To meet the demand for QoS for IP networks, the Internet Engineering Task Force (IETF) has proposed many service models and mechanisms, including the integrated services/resource reservation protocol (RSVP) model, the differentiated services (DS) model, MPLS, traffic engineering, wx and constraint-based routing (2). These models will enhance today's IP networks to support a variety of service applications.

1.2.1 Functions of IP Routers

IP routers' functions can be classified into two categories, datapath functions wx and control functions (1).

The datapath functions are performed on every datagram that passes through the router. These include the forwarding decision, switching through the backplane, and output link scheduling. When a packet arrives at the forwarding engine, its destination IP address is first masked by the subnet mask (logical AND operation), and the resulted address is used to look up the forwarding table. A so-called longest-prefix matching method is used to find the output port. In some application, packets are classified based on the combined information of IP source/destination addresses, transport layer port numbers (source and destination), and type of protocol: total 104 bits. Based on the result of classification, packets may be either discarded (fire-wall application) or handled at different priority levels. Then, the time-to-live (TTL) value is decremented and a new header checksum is calculated. Once the packet header is used to find an output port, the packet is delivered to the output port through a switch fabric. Because of contention by multiple packets destined for the same output port, packets are scheduled to be delivered to the output port in a fair manner or according to their priority levels.

The control functions include the system configuration, management, and exchange of routing table information. These are performed relatively infrequently. The route controller exchanges the topology information with other routers and constructs a routing table based on a routing protocol (e. g., RIP and OSPF). It can also create a forwarding table for the forwarding engine. Since the control function is not processed for each arriving packet, it does not have a speed constraint and is implemented in software.

1.2.2 Architectures of IP Routers

1.2.2.1 Low-End Routers In the architecture of the earliest routers, the forwarding decision and switching function were implemented in a central CPU with a shared central bus and memory, as shown in Figure 1.5. These functions are performed based on software. Since this software-based structure is cost-effective, it is mainly used by low-end routers. Although CPU performance has improved with time, it is still a bottleneck to handle all the packets transmitted through the router with one CPU.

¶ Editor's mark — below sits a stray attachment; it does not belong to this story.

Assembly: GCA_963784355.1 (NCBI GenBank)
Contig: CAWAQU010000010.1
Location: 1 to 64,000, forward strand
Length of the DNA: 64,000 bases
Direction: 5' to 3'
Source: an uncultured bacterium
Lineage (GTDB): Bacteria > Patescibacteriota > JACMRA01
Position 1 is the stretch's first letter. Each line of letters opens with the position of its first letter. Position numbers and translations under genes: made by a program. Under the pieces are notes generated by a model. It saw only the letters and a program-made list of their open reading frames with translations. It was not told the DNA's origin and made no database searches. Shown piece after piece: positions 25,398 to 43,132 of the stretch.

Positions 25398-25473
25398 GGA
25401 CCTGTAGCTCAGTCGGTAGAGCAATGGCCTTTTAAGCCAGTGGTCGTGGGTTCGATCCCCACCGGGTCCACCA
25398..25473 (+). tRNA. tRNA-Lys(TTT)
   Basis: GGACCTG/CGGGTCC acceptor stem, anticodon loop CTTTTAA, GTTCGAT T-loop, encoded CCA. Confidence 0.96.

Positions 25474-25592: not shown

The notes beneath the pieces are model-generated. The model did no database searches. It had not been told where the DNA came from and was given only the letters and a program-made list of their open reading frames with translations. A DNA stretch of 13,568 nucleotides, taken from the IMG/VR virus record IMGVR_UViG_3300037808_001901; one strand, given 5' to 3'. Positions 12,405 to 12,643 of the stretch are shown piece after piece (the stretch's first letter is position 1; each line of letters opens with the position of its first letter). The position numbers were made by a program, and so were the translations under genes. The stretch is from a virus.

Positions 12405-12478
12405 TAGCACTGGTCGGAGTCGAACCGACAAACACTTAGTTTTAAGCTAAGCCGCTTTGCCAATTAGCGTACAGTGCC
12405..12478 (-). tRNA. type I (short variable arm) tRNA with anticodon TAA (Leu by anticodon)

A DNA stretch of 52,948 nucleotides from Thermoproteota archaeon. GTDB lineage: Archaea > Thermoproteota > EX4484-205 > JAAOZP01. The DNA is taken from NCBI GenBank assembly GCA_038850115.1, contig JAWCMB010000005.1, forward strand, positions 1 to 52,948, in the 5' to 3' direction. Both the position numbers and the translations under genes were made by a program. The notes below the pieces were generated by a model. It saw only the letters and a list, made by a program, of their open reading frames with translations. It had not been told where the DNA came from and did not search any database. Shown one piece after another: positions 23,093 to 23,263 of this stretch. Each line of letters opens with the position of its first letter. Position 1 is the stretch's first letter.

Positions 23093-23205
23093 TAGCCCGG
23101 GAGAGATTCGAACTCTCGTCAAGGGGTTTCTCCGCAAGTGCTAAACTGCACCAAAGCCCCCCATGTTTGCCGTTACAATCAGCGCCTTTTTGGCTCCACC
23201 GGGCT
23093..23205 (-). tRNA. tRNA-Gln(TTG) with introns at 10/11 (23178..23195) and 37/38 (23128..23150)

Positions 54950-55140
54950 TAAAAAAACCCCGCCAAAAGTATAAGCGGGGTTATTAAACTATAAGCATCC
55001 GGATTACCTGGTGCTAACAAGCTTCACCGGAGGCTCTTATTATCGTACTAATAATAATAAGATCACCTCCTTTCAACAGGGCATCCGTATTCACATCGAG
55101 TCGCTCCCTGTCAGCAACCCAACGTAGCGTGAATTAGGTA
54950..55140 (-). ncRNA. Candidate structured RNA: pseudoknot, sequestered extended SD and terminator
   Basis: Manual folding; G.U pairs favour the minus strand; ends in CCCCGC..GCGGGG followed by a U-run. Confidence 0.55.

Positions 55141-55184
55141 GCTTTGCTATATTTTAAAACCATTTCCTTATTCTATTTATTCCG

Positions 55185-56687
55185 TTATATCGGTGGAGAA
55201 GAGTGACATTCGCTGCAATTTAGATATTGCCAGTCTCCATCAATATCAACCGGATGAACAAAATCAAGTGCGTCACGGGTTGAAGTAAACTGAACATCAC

1.2.2.2 Middle-Size Routers To overcome the limitation of one central CPU, medium-size routers use router structure where each line card has a CPU and memory for packet forwarding, as shown in Figure 1.6. This structure reduces the central CPU load, because incoming packets are processed in parallel by the CPU associated with each line card, before they are sent through the shared bus to the central CPU and finally to the memory of the destined output line card. However, when the number of ports and the port speed increase, this structure still has a bottleneck at the central CPU and shared bus.

1.2.2.3 High-End Routers In current high-performance routers, the forwarding engine is implemented in each associated ingress line card, and the switching function is implemented by using switch-fabric boards. As shown in Figure 1.7, a high-performance router consists of a route controller, forwarding engine, switch fabric, and output port scheduler. In this structure, multiple line cards can communicate with each other. Therefore, the router throughput is improved.

Once a packet is switched from an ingress line card to an egress line card, it is usually buffered at the output port that is implemented in the egress line card. This is because multiple packets may be destined for the same output port at the same time. Only one packet can be transmitted to the network at any time, and the rest of them must wait at the output buffer for the next transmission round. In order to provide differentiated service for different flows, it is necessary to schedule packets according to their priority levels or the allocated bandwidth. There may also be some buffer management, such as random early detection (RED), to selectively discard packets to achieve certain goals e. g., desynchronizing the TCP flows How to deliver packets from the forward engines to the output ports through the switch fabric is one of main topics to be discussed in this book.

For high-performance routers, datapath functions are most often implemented in hardware. If any datapath function cannot be completed in the interval of the minimum packet length, the router will not be able to operate at so-called wire speed, nor accommodate all arriving shortest packets at the same time.

Packets can be transferred across the switch fabric in small fixed-size data units, or as variable-length packets. The fixed-size data units are called cells (they do not have to be the same length as in ATM, 53 bytes). For the former case, each variable-length packet is segmented into cells at the input ports of the switch fabric and reassembled to that packet at the output ports. To design a high-capacity switch fabric, it is highly desirable to transfer packets in cells, for the following reasons. Due to output port contention, there is usually an arbiter to resolve contention among the input packets (except for output-buffered switches, since all packets can arrive at the same output port simultaneously--though, due to the memory speed constraint, the switch capacity is limited). For the case of delivering cells across the switch fabric, scheduling is based on the cell time slot. At the beginning of a time slot, the arbiter will determine which inputs' cells can be sent to the switch fabric. The arbitration process is usually overlapped (or pipelined) with the cell transmission. That is, while cells that are arbitrated to be winners in last time slot are being sent through the switch fabric in the current time slot, the arbiter is scheduling cells for the next time slot. From the point of view of hardware implementation, it is also easier if the decision making, data transferring, and other functions are controlled in a synchronized manner, with cell time slots.